Greetings again, bored Friday people. I have some riveting news to report, concerning VH1's 50 Most Awesomely Bad Songs Ever (their words, not mine) list.
More often then not when I go down the list, I was a little put out by the choices listed. Huey Lewis' "Heart of Rock and Roll" may be tiresome and 80's to some, but it is a good song and definitely not #10 (adding insult is that it edged out "Rico Suave"!). Watching the show itself lent a little insight into the decision process. The commentators were obscure comedians (I should put that in quotes) or VH1 staff that weren't particularly insightful or explanatory as to their choices.
In particular, there was one egghead who they kept referencing for what must be the basis for all opinions on the show. I have no idea who he was, but my guess is his name is Andrew Hershberger. Not because this name is on my list of usual suspects, but for the singularly confusing opinion/rant piece posted this week on Cinescape. Andy's (we are on a first name basis) piece doesn't so much as break down the show or give any kind of insight as provide a forum for this kid's ageist blathering:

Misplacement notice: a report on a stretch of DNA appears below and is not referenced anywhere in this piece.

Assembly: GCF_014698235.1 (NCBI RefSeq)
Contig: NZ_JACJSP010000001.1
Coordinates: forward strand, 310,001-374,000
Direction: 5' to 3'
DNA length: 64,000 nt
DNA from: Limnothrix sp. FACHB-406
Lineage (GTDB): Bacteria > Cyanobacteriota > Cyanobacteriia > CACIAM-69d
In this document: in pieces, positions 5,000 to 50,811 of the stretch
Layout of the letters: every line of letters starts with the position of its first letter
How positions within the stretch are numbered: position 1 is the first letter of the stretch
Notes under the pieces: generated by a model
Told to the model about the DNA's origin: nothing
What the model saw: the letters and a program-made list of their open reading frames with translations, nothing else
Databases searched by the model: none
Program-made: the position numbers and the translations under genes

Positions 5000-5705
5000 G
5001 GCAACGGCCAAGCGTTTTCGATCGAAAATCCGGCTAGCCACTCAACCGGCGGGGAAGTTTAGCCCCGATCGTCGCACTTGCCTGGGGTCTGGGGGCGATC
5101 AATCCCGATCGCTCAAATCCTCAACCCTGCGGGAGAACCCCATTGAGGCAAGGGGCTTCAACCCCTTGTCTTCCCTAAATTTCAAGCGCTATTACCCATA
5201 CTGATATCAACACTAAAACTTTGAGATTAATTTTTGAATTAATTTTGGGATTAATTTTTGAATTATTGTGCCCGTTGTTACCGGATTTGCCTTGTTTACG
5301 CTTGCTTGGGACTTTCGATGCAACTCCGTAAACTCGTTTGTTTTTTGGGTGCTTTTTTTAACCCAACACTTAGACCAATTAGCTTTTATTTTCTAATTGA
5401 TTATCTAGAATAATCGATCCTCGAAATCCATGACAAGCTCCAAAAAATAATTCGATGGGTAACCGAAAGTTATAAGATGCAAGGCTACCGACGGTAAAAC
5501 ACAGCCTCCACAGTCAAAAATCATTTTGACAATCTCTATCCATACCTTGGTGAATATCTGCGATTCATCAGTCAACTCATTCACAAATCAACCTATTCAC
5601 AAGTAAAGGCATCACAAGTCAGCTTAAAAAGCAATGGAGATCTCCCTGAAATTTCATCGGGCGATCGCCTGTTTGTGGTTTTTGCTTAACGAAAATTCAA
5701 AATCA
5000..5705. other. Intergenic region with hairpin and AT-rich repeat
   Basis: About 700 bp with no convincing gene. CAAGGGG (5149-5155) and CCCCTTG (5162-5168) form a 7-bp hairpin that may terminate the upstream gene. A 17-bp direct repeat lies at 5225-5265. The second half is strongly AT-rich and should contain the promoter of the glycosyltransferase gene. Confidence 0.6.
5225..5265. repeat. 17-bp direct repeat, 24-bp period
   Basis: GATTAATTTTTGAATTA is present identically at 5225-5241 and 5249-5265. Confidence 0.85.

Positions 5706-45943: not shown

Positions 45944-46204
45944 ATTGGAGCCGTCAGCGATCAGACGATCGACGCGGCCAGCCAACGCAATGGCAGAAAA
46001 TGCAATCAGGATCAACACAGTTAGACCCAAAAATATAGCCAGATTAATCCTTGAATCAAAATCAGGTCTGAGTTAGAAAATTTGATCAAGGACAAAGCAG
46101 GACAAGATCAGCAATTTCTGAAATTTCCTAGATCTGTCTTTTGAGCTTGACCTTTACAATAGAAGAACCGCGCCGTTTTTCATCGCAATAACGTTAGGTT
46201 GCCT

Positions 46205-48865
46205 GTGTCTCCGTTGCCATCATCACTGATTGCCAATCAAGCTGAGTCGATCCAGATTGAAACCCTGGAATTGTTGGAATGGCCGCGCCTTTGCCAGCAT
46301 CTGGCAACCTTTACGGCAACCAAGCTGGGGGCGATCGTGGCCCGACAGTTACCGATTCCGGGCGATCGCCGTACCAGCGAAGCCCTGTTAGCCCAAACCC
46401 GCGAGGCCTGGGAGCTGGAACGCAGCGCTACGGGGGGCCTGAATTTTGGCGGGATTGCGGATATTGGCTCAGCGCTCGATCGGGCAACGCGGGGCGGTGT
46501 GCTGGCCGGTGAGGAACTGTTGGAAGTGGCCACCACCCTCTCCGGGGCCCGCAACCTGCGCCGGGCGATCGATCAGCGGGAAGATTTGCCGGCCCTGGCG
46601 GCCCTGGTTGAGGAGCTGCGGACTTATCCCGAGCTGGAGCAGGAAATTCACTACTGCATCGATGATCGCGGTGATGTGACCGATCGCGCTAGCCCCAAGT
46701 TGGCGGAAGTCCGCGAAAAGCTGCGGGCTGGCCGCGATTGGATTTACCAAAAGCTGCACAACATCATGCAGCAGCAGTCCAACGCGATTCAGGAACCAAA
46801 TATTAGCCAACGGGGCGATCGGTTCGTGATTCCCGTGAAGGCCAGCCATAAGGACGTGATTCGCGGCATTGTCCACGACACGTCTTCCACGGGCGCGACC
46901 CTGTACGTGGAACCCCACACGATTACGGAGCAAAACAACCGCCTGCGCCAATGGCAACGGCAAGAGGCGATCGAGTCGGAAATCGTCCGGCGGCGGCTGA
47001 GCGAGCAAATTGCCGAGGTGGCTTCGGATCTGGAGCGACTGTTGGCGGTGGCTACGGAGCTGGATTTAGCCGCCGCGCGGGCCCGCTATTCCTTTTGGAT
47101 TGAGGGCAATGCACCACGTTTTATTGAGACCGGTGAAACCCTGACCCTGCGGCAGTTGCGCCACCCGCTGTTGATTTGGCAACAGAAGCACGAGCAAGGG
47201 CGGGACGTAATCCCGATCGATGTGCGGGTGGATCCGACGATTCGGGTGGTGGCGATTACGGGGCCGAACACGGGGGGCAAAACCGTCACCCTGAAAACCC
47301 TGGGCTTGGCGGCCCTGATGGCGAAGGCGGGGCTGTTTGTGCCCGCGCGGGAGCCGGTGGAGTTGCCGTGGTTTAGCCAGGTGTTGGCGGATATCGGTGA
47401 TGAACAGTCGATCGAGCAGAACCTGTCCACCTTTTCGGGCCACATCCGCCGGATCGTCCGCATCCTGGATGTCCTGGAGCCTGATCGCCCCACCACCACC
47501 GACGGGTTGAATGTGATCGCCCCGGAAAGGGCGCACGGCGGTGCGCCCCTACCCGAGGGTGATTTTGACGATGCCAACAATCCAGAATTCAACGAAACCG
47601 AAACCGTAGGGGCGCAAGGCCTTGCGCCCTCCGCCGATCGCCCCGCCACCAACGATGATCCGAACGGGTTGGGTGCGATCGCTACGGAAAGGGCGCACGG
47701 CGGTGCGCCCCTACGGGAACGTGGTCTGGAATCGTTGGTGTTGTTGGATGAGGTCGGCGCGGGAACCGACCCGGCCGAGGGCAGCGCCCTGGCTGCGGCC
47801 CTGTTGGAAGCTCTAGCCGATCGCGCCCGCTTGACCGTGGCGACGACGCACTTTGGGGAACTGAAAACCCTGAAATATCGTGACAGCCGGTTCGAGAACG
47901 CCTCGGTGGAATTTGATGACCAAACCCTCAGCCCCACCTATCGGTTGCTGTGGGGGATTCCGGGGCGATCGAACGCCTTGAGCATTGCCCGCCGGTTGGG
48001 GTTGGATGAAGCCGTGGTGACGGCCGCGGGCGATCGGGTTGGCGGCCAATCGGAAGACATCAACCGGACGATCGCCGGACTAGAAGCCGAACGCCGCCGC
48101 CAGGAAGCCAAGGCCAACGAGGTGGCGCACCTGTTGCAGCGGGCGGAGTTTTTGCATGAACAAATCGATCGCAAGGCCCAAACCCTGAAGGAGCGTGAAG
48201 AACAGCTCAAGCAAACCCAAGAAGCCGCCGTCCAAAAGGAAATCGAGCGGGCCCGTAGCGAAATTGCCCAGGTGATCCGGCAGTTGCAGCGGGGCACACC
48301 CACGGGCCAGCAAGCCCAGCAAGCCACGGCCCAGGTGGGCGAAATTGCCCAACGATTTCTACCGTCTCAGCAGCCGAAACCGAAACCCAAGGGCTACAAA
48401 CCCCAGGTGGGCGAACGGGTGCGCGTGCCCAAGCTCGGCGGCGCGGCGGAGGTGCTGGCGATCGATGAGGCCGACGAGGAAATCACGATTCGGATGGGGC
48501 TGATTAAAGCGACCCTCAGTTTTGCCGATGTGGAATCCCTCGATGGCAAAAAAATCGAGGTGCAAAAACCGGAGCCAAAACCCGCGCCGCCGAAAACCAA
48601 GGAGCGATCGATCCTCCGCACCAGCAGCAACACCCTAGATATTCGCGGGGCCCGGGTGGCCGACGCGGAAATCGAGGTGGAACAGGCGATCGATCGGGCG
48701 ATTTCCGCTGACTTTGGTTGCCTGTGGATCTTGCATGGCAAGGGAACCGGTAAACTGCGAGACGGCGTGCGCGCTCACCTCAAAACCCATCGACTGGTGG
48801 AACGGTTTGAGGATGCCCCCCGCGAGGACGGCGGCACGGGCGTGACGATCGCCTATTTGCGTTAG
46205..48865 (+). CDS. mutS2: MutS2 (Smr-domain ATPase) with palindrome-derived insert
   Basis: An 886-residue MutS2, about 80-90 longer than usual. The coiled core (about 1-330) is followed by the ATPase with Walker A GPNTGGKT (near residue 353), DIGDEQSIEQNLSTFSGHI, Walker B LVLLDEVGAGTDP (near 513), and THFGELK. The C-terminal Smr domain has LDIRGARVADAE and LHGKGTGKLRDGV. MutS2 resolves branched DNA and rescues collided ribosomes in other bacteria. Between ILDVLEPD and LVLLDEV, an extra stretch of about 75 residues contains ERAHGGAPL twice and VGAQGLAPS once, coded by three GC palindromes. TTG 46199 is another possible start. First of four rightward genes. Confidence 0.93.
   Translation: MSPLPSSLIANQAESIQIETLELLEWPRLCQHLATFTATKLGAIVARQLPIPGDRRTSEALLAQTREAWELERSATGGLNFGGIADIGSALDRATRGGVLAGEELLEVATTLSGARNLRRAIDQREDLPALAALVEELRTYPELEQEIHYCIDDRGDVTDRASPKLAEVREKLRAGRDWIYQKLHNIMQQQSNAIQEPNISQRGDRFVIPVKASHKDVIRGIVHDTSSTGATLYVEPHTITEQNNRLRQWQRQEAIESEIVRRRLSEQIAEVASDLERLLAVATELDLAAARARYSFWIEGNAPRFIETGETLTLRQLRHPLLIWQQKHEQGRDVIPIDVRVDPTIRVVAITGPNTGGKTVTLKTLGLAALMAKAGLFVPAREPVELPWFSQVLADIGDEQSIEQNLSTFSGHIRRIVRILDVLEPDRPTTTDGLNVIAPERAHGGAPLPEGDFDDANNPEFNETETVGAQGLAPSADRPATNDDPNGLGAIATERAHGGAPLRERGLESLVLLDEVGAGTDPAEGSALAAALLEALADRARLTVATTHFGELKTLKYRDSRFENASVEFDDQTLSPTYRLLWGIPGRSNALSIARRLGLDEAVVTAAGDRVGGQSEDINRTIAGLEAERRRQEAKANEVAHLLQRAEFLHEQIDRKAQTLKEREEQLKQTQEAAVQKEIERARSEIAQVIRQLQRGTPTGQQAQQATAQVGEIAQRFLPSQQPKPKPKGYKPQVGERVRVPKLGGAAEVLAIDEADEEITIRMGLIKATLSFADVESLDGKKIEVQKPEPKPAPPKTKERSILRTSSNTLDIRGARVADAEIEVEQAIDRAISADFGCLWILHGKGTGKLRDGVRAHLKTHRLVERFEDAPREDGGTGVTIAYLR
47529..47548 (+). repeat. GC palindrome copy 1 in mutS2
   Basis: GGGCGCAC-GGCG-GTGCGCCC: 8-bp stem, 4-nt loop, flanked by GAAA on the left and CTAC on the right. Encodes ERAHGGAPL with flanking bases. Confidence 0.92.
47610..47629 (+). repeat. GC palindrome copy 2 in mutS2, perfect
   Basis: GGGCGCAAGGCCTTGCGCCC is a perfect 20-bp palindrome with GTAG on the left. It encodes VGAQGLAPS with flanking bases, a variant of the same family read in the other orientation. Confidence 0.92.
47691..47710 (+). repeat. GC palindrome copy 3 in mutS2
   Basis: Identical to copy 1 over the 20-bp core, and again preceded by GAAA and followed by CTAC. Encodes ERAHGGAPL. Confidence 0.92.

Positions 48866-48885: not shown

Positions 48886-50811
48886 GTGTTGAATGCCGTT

- I was watching VH1 the other day and they had one of those "worst songs of all time" shows on and by the end when such abominations as "Everybody Have Fun Tonight," "Achy Breaky Heart," and "We Built This City" reared their ugly head and won the coveted top spots I realized this list is made by 30-year-olds. Crusty, pungent, has-been 30-year-olds... Who, besides geriatrics, remembers listening to "The Heart of Rock & Roll" or "The Final Countdown" when they had the immediacy of a contemporary offering?
- Out of fifty songs, nine were from this decade alone. Out of 10,000 years of music composition nine of the worst sonic atrocities have been made in the last five years.